First Class

Alice in Chinese resto wonderland

/ 05:10 AM October 14, 2018

Afraid of rice? At China Blue, you can opt for barley. PHOTOS BY MARGAUX SALCEDO

I have so much respect for chefs who continually hone their craft, always learning, exploring, experimenting, pushing themselves forward, never missing a beat. One such chef is China Blue’s Jereme Leung (yes, it’s Jereme with an “e”).

China Blue has already earned a reputation for offering delicious Chinese cuisine. But twice a year, Leung comes to Manila not only to check on the kitchen—after all, it bears his name (the restaurant’s full name is China Blue by Jereme Leung)—but also to introduce new recipes.


This autumn (let’s just pretend we have seasons), he introduced a new batch of dishes that I am certain will thrill both regulars and newcomers to the restaurant.

You might remember their famous Mushroom Steamed Bun. This time, chef Jereme ups the ante with his Mushroom-shaped Crispy Seafood and Cheese Pastry.


It arrives with “smoke” (more like fog) and even a little battery-operated pin light. The presentation makes you feel like Alice in Wonderland stumbling upon a very colorful patch of morel mushrooms. The experience of tasting it is even better. The outer layer is so delicately crunchy, giving you just a touch of saltiness before you bite into the savory mushrooms inside. It’s both a conversation piece and a delicious starter.

Baked beef short ribs.

Vegans or vegetarians would love the Hundred Rings Nippon cucumber sliced so thinly it gives you the illusion of a hundred rings such that the cucumber looks like a spring. This is served with a Chinese aged vinaigrette. You might remember our humble cucumber slices dipped in vinegar and pepper that we just like to nibble on. This is the five-star, first-class, hoity-toity Chinese version.

Not all dishes are this festive although all are carefully crafted with the pleasure of the eater in mind. Beef short ribs are baked and served with meat that is fork-tender. Chicken is served Guangdong-style with an accompanying edamame salad and wasabi dressing. The duck soup, another new item on the menu, is slow cooked for eight hours that it reaches what cookbook author Norma Chikiamco, whom I had the pleasure of dining with, calls “a glutinous texture,” creating a very thick, rich and savory soup. “It must be served at the right temperature,” chef Jereme stresses, so that the soup will remain in its desired viscosity. He insists that soups must be served in the traditional Chinese bowls that have candles underneath, to ensure that even if you have to take 26 pictures of the soup for Instagram before actually tasting it, the soup will still be hot and soupy, not chunky.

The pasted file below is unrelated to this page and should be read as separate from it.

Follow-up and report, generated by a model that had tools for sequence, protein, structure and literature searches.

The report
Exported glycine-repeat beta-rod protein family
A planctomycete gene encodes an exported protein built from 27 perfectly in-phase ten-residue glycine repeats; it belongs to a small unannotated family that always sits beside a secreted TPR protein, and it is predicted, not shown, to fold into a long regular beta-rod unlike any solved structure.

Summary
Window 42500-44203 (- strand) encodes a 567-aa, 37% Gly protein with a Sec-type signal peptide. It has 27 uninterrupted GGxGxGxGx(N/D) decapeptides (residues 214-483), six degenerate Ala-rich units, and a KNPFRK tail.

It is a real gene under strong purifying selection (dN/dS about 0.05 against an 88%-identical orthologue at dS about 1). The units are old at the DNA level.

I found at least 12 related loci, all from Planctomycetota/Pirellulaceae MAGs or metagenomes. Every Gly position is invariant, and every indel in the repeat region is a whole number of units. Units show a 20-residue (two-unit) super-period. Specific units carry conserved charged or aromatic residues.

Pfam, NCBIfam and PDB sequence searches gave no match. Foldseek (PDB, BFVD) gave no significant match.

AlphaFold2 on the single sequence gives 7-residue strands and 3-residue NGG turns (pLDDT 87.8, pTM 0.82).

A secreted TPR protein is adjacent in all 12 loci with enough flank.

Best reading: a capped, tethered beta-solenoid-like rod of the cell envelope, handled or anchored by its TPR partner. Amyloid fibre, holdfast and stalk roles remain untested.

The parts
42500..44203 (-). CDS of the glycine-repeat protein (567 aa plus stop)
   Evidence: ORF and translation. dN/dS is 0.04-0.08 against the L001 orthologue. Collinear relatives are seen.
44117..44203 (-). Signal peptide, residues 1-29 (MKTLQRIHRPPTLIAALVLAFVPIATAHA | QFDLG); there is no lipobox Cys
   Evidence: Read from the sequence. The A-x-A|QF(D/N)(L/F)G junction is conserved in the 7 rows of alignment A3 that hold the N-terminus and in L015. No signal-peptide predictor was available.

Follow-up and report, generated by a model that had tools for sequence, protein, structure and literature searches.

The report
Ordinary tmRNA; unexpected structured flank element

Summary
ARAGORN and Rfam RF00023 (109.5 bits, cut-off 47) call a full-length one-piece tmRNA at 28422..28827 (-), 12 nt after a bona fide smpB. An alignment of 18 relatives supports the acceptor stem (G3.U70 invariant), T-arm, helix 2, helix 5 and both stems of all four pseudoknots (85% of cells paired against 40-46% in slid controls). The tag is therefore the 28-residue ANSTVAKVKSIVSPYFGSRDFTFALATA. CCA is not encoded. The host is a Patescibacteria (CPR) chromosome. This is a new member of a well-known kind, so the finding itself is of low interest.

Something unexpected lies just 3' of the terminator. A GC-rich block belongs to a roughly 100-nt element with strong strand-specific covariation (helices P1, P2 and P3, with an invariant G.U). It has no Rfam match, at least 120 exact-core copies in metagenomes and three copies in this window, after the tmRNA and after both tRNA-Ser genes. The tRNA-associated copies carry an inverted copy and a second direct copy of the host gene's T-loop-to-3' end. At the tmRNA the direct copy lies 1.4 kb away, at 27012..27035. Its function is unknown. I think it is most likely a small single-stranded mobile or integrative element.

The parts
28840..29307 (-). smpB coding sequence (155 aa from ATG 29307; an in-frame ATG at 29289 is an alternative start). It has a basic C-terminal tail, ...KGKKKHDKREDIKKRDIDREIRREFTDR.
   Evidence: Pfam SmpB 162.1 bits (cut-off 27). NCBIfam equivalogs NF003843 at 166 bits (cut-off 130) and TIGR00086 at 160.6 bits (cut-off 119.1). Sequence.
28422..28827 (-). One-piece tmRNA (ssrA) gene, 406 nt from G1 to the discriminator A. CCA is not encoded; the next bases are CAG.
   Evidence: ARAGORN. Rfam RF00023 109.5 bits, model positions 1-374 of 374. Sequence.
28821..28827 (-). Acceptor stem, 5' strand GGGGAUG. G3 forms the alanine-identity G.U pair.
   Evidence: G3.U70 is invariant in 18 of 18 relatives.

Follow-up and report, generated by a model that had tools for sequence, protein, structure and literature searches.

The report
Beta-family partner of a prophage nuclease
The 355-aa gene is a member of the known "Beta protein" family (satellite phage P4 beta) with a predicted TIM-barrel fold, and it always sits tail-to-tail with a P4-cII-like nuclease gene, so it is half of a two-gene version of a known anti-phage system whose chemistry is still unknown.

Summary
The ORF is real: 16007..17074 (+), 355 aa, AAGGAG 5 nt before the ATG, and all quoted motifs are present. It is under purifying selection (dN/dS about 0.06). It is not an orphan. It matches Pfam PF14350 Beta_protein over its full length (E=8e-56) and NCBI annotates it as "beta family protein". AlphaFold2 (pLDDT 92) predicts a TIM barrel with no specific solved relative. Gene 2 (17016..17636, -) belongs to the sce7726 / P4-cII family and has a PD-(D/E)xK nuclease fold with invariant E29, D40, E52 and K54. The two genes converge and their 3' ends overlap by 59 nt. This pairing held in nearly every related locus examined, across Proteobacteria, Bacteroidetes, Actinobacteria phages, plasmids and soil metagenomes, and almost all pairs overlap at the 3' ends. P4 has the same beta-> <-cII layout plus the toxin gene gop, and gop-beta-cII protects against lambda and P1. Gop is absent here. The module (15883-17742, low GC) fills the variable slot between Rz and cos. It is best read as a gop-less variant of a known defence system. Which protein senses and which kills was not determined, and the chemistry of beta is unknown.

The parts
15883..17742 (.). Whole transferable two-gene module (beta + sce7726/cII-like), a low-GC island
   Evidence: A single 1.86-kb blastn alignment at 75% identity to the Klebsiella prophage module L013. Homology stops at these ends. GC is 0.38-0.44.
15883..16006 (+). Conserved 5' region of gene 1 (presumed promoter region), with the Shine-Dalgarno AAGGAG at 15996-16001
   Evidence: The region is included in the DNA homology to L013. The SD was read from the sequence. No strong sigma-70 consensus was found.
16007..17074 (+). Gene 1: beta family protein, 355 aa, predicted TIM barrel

For the Elegance of the Orient set menu, he also showcased unique creations such as wok-fried barley with Matsusaka pork and pickled vegetables, a roasted piglet enhanced with truffle-flavored toasted bread, and the simple cod fish brought to life with a pickled ginger and carrot sauce.

Chef Jereme says he always has two elements in his cooking: First, cooking methods from parts of China that a customer may not have yet experienced. He cites, for example, the cutting technique for the Nippon cucumber. Secondly, he likes to use ingredients not very common in Chinese restaurants. He says he also recently introduced black garlic or a specific type of garlic that only has one bulb which, in China, is fermented for 40 days to become black. When available, this is incorporated  in the restaurant’s lobster dish.

Mushroom pastries that look like mushrooms.

The chef is also an advocate of using local produce. “The only thing that is imported here would be the hands that produced the menu,” he says with a wink. He is in awe of Filipino produce, too, saying, “There is so much produce you can explore in the Philippines from coffee beans to coconuts to mangoes that are great! Filipino products are wonderful!”

The great thing about dining at a Jereme Leung restaurant is you get to see traditional Chinese cooking in a different light. The mushroom pastry, for instance, is really just like traditional Cantonese flaky egg tarts. But he folded it differently, presented it like art, and voila, you leave the restaurant not just with a full stomach but with a memory.


There is so much on the menu to try, inspiring conversations. It’s no wonder that even if Conrad is quite the distance from major districts like Makati, BGC, Ortigas or Alabang,  every bite at China Blue becomes worth the drive.

China Blue by Chef Jereme Leung. Conrad Manila, Seaside Boulevard, Mall of Asia Complex, Pasay City. For reservations, call land line +632 683 3915. Major credit cards accepted. Wheelchair accessible. Valet available. Notes: The walk from the elevator is quite long, so ladies, wear comfortable shoes. If you are a big group, you can request for a room. Ask for the corner room with a view. If you arrive early, have a cocktail at C Lounge to witness that magnificent Manila Bay sunset.

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TAGS: China Blue, China Blue’s Jereme Leung, Chinese cuisine
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